Obsessive Compulsive Disorder

OCD, Obsessive and Compulsive Eating disorders begins as an addiction-like response and should be treated on the basis of addiction principles.

Obsessive Compulsive Disorder requires a slow move back to control

OCD or Obsessive and Compulsive Eating disorders begins as an addiction-like response. This is to a life where needs are not being met and in all likelihood also, there is trauma and extreme anxieties that cannot be controlled.

As the obsession takes over, anxieties increase and are not diminished. This is because the obsessive behaviour – be it checking, cleaning, repeating, bulimiá – adds to the burdens of living a life of balance? At the extreme, a void is created and panic sets in.

This of course exacerbates the OCD or eating disorder – which can then be difficult to shift.

Treating Obsessive Compulsive Disorders and Behaviours

One or more of the following is required:

  • Accessing the Observing self – to be separate from the OCD, to see it for what it is and at low arousal
  • Trancework to break the fear of letting the obsessive behaviour go – to face it down in trance and at low arousal levels
  • There may also be strong trauma needing Rewind
  • Relaxation and problem solving to get needs met
  • Cognitive work that challenges the thoughts – though this can only be accomplished when arousal levels have been reduced


My experience is that Obsessive Compulsive Disorder can be well entrenched and that the sufferers have strong minds that can take some shifting. For this reason, they should not be rushed into giving up the obsessive behaviour. And like dipping your toe in the water, you only really properly swim when you are absolutely happy to. And at any time you can come back to the shore.


Four great metaphors to explain addiction.

The CUCKOO  and the ISLAND, the TRENCH and the BOWL.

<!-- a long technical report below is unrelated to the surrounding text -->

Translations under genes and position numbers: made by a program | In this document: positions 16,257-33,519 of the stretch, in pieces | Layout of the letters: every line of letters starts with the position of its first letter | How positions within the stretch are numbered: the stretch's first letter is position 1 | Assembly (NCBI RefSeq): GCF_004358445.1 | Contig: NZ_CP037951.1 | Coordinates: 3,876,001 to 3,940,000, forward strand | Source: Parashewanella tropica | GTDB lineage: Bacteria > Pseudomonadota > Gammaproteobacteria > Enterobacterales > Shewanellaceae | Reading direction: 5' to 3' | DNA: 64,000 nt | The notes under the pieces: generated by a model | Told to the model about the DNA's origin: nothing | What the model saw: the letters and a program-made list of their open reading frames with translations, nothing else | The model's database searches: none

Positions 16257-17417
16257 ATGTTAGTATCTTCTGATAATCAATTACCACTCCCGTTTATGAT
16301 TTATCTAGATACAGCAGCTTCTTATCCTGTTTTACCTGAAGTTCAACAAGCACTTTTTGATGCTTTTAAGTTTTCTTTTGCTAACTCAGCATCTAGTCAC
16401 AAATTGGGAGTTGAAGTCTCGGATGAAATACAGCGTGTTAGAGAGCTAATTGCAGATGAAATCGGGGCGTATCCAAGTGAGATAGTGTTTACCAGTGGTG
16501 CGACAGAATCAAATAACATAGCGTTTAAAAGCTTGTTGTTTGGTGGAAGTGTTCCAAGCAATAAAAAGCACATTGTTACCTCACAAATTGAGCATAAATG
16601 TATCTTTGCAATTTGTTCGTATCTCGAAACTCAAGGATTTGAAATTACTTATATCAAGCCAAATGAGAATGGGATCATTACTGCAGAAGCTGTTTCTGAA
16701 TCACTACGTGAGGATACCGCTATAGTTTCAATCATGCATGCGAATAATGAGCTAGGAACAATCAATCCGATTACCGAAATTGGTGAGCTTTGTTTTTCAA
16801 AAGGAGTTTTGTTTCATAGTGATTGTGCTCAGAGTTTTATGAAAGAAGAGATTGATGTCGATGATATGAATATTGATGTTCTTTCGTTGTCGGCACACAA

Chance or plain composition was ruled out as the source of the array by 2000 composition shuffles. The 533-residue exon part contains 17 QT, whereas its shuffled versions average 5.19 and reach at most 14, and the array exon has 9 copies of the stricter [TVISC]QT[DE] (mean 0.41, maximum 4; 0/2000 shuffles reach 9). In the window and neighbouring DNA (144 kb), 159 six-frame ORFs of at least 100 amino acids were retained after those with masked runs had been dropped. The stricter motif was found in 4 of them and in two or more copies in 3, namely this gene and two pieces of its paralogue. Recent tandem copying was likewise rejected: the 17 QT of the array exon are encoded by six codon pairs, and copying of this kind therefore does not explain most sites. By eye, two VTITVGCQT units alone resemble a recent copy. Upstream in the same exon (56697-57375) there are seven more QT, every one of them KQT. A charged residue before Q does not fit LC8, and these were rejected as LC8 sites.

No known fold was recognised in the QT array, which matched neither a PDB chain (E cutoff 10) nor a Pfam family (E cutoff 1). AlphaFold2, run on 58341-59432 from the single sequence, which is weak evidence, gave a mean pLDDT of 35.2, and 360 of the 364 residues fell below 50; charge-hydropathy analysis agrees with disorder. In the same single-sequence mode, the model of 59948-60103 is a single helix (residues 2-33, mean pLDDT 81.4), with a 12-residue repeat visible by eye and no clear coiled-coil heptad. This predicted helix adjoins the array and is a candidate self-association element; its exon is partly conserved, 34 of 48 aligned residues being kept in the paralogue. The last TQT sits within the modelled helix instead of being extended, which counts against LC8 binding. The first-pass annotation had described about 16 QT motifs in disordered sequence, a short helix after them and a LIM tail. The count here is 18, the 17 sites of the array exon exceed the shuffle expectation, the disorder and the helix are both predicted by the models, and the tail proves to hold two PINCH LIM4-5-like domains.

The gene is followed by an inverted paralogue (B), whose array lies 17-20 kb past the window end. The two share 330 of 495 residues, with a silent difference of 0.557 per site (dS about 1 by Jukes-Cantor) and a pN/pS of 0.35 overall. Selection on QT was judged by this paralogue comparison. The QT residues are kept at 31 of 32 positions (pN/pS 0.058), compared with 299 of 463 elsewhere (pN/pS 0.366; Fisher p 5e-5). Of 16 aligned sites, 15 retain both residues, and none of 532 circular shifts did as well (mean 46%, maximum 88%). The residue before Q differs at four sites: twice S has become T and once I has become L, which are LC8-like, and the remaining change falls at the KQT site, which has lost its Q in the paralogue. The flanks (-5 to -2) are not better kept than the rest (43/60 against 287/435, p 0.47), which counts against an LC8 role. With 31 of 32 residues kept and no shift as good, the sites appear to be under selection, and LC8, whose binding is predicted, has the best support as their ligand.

The case study of Eve

I met Andrew when I needed his help the most. My opinion is that you meet people in life for a reason and my reason to meet Andrew was to help me recover from depression and OCD and to change the way I saw life and the future. This man gave me answers to my questions, taught me to stop looking for the wrong answers, encouraged me, answered my calls at any time of the day or night (while going thru the panic attacks), made me feel that I was good in what I was doing and made me feel important! He also made me feel that I was not alone! Andrew kept on teaching me that the times I was feeling bad was because of the stresses in my life. And only later did I realise that he was right – that the small daily stress from running around all day with a 1 year old child and work, and no time to relax, that was what was affecting my state. I had started to think that all the thoughts I was having were not my thoughts but my imagination and that was the why I was reacting to stress as a way of harming myself (by imagining horrible things). I understood that I was reacting to what I was imagining by panicking and getting depressed but the case is that any normal person would do that if they were to imagine the worst! So with Andrew’s help I started to stop fearing what I was imagining, slowly and gradually. I learnt that all is working if you are willing to listen to what your stress is saying to you (and when I say listen I mean really listen). You are the most important piece from the recovering puzzle. By seeing Andrew, I learnt to make time to relax and how to relax. Andrew helped me to find my interior balance, and made me understand that I MUST HAVE MY NEEDS MET! I started to see life in a different way and to search for my passions. He gave me lots of explanations to what I was going through so I felt that I had someone that understands me and that I was not going mad.
Addiction Tools

The Cuckoo in the nest
Why are addictions so hard to beat
The stages of quitting
Recovery path in outline
Your addiction Time Line
Addiction downloads

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